- The story so narrow only one outlet is openly reporting it as fact:
According to the Denver Post’s Troy E. Renck (the name sounds like a nom de plume, but apparently it’s a real guy) the San Francisco Giants are “quietly making an aggressive run at Manny Ramirez”. What that means is anyone’s guess, but it should be a red flag that this story is coming from a writer for the Denver Post instead of a San Francisco, Los Angeles or New York outlet.
That the story was reported this morning and no one’s picked it up as having any validity make it look like it’s: A) a plant from the Scott Boras camp in response to the Dodgers planting the “contacting Adam Dunn” stuff a couple of days ago; B) something completely fabricated; C) a great bit of reporting by this Troy E. Renck person or he’s trying to get people (like the gullible me) to print his name and garner him some attention for a story that has no basis in fact; or D) all of the above.
Of course Manny makes sense for the Giants, but are they going to spend the money that it’s going to take to get him? We’re talking about between $20-25 million a year for probably three years; that’s a lot of money for a team with a lot of stadium debt to pay off and a limited payroll. If the Giants were able to get Manny for a year or a year with an option based on performance, I’d say they’re a pretty good bet to make the playoffs and it’d be a worthwhile thing to do, but for three years? Maybe not. I don’t think there’s much, if any, truth to this “story”. How it got out and why is a more interesting tale in the long run, if that’s ever divulged. (I wouldn’t hold my breath.)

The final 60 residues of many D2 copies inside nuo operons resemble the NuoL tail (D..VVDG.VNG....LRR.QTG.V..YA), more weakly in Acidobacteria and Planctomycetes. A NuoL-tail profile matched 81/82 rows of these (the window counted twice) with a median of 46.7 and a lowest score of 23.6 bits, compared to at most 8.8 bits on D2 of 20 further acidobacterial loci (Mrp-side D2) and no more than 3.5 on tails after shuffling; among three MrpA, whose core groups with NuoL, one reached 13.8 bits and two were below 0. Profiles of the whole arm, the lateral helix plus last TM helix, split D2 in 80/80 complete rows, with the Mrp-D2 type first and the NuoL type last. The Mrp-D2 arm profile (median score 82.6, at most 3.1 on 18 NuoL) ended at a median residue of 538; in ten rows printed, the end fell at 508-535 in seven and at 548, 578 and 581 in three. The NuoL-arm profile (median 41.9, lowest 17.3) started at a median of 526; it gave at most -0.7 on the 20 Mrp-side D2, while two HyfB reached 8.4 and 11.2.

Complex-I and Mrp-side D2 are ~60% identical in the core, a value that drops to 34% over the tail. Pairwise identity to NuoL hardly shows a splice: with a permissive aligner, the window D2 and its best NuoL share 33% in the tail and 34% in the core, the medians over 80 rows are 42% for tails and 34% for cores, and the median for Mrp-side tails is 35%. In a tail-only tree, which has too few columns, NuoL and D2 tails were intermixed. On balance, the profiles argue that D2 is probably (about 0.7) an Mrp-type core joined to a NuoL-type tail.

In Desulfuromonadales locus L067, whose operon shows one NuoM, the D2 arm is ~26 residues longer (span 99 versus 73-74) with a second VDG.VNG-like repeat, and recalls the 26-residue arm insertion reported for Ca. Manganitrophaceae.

- How deeply are reporters in bed with management, agents and players?
This Manny thing got me to thinking about how agents, management types and players use reporters to get their feelings conveyed or to create bidding wars where they didn’t really exist and the reporters receive the quid pro quo benefit of getting some brief national attention. I think back to Moneyball when Billy Beane was in the midst of making one of his deals and refused to take any and all calls from reporters other than Peter Gammons because Gammons was so dialed in then (he’s more of a columnist/reporter emeritus at this point) that he was quite possibly going to tell Beane something he didn’t already know.
The prevalence of this practice is so extensive that it’s hard to tell who’s giving the real deal information; who’s intentionally writing things that they know are extremely unlikely to be true; or are suspending disbelief to write what they’ve heard for the dual benefit of getting further information from the “source” or trying to get their names in the national spotlight.